The second trial, called GOG-0213 (Carboplatin, Paclitaxel and Gemcitabine Hydrochloride With or Without Bevacizumab After Surgery in Treating Patients With Recurrent Ovarian, Epithelial, Primary Peritoneal, or Fallopian Tube Cancer), was presented by Dr Robert Coleman at the 2018 ASCO annual meeting. As in the first trial, the investigators randomly assigned patients with recurrent ovarian cancer to chemotherapy with or without surgery, and found that progression-free survival was better with surgery. Again, overall survival was the primary endpoint. There was no overall survival advantage with surgery in GOG-0213, however.
H&O What recent advances have been made in the surgical management of ovarian cancer?
ML What might be considered an advance depends to some degree on your point of view. For example, surgeons at MD Anderson Cancer Center in Houston, Texas, have begun doing a laparoscopic assessment of all patients with advanced ovarian cancer to decide whether they can achieve a complete gross resection. In a study published in Obstetrics and Gynecology earlier this year, they concluded that laparoscopic triage assessment in advanced ovarian cancer resulted in high complete surgical resection rates. Does this approach really alter overall survival, or does it simply select for patients who will have a better, easier surgical procedure? What remains to be determined is whether this approach makes the overall cohort of patients live longer.
At our institution, we do not take the approach of using laparoscopy in all our patients. Instead, we follow a scoring system based on certain computed tomography scan characteristics, age and other patient factors, American Society of Anesthesiologists score, and preoperative CA-125 level. Patients with a low score have a very high chance of optimal or complete gross resection, so we go straight to laparoscopy. For patients with a high score, we go straight to laparoscopy, make an assessment, and do the big debulking surgery the same day instead of needing to bring the patient back for an additional procedure. Debulking surgery can easily take 5 or 6 hours, which means that we need to block out a large chunk of operating room time that we often cannot use, but that is a logistical issue—we do what makes the most sense for patient outcomes. We rely on our scoring algorithm to minimize the number of times we waste operating room time.
H&O When is fertility preservation possible in epithelial ovarian cancer?
ML We discuss fertility preservation with patients who have stage 1 epithelial ovarian cancer and wish to maintain their fertility. We prefer that patients be younger than 45 years, but that is not an absolute cutoff. If the patient is truly stage 1 and the cancer affects only one ovary and there is no spread to the uterus or lymph nodes, the patient retains her uterus and her healthy ovary and is able to attempt pregnancy after chemotherapy is completed. Some oncologists will attempt fertility preservation in patients with stage 2 epithelial ovarian cancer, but this is outside the realm of comfort for most of us.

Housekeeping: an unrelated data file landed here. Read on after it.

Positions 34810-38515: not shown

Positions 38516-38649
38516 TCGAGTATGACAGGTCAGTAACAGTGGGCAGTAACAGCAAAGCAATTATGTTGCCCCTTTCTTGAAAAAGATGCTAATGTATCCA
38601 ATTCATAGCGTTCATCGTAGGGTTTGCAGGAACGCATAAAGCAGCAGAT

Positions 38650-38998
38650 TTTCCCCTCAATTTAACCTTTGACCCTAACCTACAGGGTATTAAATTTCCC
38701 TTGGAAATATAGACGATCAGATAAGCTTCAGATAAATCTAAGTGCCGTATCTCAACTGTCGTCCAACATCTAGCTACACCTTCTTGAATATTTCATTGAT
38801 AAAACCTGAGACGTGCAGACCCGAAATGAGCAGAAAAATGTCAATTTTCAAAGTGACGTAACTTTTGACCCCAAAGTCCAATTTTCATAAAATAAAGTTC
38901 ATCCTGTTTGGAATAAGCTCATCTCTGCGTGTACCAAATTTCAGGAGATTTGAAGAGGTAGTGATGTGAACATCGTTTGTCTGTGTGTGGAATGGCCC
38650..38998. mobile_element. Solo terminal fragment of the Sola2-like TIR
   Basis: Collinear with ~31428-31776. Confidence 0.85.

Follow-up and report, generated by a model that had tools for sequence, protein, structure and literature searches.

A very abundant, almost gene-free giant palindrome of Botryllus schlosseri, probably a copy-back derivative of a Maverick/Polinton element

H&O When is minimally invasive surgery recommended?
ML Minimally invasive surgery is the most common approach used in women with early-stage disease, for both staging and resection. For women with advanced ovarian cancer, minimally invasive surgery can be used for staging but has no role in primary tumor debulking, which requires a large laparotomy incision. Some patients with advanced ovarian cancer who have an excellent response to neoadjuvant chemotherapy—one that is confirmed through laparoscopy—may be candidates for minimally invasive procedures to remove the uterus, ovaries, and possibly the omentum. Laparoscopy can be an excellent tool in the setting of recurrent epithelial ovarian cancer, as shown in a retrospective study our group published in 2017 in Gynecologic Oncology, with Eriksson as the first author. There have not been any prospective studies published on this approach.
H&O Are there any other questions that need to be answered?
ML The question of primary debulking vs debulking after neoadjuvant chemotherapy has not been answered yet. We have our concerns regarding the studies that have been presented so far because the median overall survivals are far shorter than what we see here in the United States. One randomized international study that is looking at primary debulking vs neoadjuvant chemotherapy is TRUST (Trial on Radical Upfront Surgical Therapy; ENGOT-ov33/AGO-OVAR OP.7) from the AGO. This study has stringent requirements regarding qualifications for surgeons and institutions, and has already begun recruiting patients. My colleagues at Memorial Sloan Kettering will be opening a US-specific TRUST study in the next few months.
Another question regards the role of hyperthermic intraperitoneal chemotherapy (HIPEC). Some institutions are promoting their use of HIPEC, but that is premature given the lack of level 1 evidence at the time of primary cytoreduction. HIPEC is not without risk; it adds more than 90 minutes to surgery and may carry its own toxicities.
In a phase 3 trial published in the New England Journal of Medicine earlier this year, patients who had received 3 cycles of neoadjuvant chemotherapy were randomly assigned to receive interval cytoreductive surgery either with or without HIPEC. Overall survival and recurrence-free survival were significantly longer with the addition of HIPEC, without an increase in the rate of adverse effects. This is the only randomized trial of HIPEC in the up-front setting for ovarian cancer. Here at Memorial Sloan Kettering, we are conducting a randomized phase 2 study that is looking at HIPEC in patients who are undergoing secondary cytoreduction; patients are randomly assigned to receive surgery plus HIPEC or surgery alone
Dr Leitao has done ad hoc consulting and speaking for Intuitive Surgical.